The church of Philadelphia, even in the face of persecution and false doctrine, was completely faithful to the Lord: she was faithful in confession, in lifestyle, and in doctrine.
Moreover, says the Lord, the church of Philadelphia has “kept my command to endure patiently” (v10). This church patiently awaited the second coming of the Lord and made herself ready for that coming. This church endured in the faith in the face of attacks from a hostile and unbelieving world.
A recent television documentary pointed out that the cheetah survives on the African plains by running down its prey. The big cat can sprint seventy miles per hour. But the cheetah cannot sustain that pace for long. Within its long, sleek body is a disproportionately small heart, which causes the cheetah to tire quickly. Unless the cheetah catches its prey in the first flurry, it must abandon the chase.
Sometimes Christians have the cheetah’s approach to ministry and the Christian life. We speed into projects with great energy. But lacking the heart for sustained effort, we fizzle before we finish. We vow to start faster and run harder, when what we need is not more speed but more staying power or endurance. The church of Philadelphia was not like this at all. She endured in her testimony, in her godliness, and in her faith.
Philadelphia was a church of inner strength and beauty. Yes, she was small; she wasn’t influential; she wasn’t much to look at; yet, she was great in the sight of the Lord.
Philadelphia’s Open Door
How come the church of Philadelphia endured while others of the churches of Asia Minor did not? How come she was a church filled with good and loving deeds? How come she was able to keep Christ’s Word and did not deny Christ’s name? Was there something special about this church? Was the church of Philadelphia so fully grown and mature in the faith that she could stand on her own feet while the other churches fell flat?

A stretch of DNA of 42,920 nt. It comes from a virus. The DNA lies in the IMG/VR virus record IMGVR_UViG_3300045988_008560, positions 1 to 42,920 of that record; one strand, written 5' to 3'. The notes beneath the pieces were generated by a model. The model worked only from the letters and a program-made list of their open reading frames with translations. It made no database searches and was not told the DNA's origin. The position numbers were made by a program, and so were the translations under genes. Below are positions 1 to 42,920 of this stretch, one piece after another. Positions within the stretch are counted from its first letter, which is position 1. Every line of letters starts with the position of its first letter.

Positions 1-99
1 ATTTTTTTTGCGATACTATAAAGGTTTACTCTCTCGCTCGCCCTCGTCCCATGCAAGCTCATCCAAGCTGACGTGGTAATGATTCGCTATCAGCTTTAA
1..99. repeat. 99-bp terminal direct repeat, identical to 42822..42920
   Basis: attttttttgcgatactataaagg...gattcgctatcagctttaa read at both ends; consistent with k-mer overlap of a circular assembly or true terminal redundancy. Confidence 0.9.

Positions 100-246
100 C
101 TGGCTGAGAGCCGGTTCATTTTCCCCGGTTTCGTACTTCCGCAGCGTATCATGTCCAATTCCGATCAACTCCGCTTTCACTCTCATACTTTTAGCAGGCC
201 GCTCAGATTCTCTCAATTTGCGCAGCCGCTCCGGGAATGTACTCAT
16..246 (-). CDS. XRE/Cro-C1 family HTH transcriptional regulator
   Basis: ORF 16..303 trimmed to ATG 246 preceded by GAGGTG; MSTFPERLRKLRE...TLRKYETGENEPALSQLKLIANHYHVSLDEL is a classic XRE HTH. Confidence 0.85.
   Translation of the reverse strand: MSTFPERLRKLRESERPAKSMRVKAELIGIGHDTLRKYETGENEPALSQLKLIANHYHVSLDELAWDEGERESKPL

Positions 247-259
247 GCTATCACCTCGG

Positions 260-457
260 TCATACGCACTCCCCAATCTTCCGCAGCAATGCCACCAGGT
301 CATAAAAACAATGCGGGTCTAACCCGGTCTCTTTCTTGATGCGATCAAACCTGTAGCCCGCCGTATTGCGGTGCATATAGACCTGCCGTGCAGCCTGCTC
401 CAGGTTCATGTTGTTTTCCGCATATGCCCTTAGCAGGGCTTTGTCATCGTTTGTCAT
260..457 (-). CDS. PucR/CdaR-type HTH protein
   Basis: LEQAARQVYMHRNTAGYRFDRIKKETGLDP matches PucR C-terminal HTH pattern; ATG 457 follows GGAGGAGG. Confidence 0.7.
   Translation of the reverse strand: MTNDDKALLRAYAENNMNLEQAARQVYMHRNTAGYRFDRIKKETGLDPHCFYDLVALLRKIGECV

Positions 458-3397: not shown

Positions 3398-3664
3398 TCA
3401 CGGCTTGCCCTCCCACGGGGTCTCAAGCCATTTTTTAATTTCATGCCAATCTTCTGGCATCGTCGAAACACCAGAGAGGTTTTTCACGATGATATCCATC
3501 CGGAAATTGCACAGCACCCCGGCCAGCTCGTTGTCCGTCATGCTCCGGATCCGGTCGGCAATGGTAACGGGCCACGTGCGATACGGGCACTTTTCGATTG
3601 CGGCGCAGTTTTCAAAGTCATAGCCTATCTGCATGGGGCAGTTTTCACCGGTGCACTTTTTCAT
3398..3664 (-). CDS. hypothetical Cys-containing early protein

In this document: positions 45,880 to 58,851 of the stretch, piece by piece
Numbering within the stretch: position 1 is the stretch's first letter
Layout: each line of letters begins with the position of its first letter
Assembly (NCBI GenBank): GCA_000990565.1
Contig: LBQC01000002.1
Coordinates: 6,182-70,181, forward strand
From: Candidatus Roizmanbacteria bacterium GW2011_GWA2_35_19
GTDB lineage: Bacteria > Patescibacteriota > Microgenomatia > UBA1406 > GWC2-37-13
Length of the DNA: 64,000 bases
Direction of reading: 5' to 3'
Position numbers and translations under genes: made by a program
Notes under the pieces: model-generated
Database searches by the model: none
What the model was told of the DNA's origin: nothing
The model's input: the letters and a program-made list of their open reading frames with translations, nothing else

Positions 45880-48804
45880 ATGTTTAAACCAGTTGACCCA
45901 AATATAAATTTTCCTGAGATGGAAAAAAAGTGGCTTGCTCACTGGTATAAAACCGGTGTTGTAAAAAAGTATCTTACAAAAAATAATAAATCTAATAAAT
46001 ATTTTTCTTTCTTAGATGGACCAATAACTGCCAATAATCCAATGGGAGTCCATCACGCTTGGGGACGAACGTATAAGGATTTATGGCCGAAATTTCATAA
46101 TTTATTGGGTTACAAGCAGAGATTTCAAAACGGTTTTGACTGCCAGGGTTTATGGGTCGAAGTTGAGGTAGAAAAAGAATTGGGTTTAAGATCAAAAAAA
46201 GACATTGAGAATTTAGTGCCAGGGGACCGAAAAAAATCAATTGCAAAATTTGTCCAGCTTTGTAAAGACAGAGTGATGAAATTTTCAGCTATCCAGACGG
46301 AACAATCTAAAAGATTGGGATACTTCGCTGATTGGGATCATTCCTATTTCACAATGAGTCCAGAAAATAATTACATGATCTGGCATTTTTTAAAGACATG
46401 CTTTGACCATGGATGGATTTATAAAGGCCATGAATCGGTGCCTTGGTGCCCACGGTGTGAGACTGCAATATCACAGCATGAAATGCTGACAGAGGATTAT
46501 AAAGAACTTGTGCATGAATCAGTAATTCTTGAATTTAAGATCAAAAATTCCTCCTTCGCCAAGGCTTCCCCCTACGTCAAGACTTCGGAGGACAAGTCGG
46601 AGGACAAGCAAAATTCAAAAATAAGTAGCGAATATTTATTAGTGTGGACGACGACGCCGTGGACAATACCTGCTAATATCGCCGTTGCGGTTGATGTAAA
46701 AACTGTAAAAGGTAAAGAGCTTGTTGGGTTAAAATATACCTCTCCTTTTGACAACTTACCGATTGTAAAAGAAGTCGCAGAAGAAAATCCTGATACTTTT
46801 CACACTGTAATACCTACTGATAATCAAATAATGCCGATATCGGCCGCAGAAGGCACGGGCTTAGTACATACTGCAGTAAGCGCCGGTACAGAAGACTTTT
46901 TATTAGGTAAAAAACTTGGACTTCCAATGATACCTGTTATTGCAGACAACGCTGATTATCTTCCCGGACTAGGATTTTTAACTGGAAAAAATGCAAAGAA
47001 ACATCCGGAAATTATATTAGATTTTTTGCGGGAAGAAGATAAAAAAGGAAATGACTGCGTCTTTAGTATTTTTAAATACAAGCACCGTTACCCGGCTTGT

To explain her good points, the church of Philadelphia could not point to herself, her strengths, her faith, her commitment. The simple fact is that she had to point to Christ. It is because of Christ and only because of Christ that anything positive can be said about the church of Philadelphia, or about any other church for that matter.
So, what is it that Christ has done for the church of Philadelphia? “See,” says Christ, “I have set before you an open door that no one can shut” (v8). We can understand this only against the background of Christ’s titles at the start of this letter.
Jesus identifies Himself at the start of the letter as He Who holds the key of David:
(Rev.3:7) These things says He who is holy, He who is true, “He who has the key of David, He who opens and no one shuts, and shuts and no one opens“:.
Holy – Why speak in this way? These faithful Christian people believed that God is Holy and that Christ is Holy – so why did Jesus introduce His letter in this way? Because the Jews had rejected Jesus as being cursed of God, the of Philadelphia declared in their persecution of the Christians in the city, they taught it in their synagogue, they spoke to the Roman authorities, to their Greek neighbours – So Jesus begins His letter by stating with Divine authority That He is the Holy one of God.
True – Again the reference is to what the Jews were saying, that He was a false Messiah. The Greek word used here goes beyond simply saying that what is said is true but also that the one who says it is true, is the genuine one.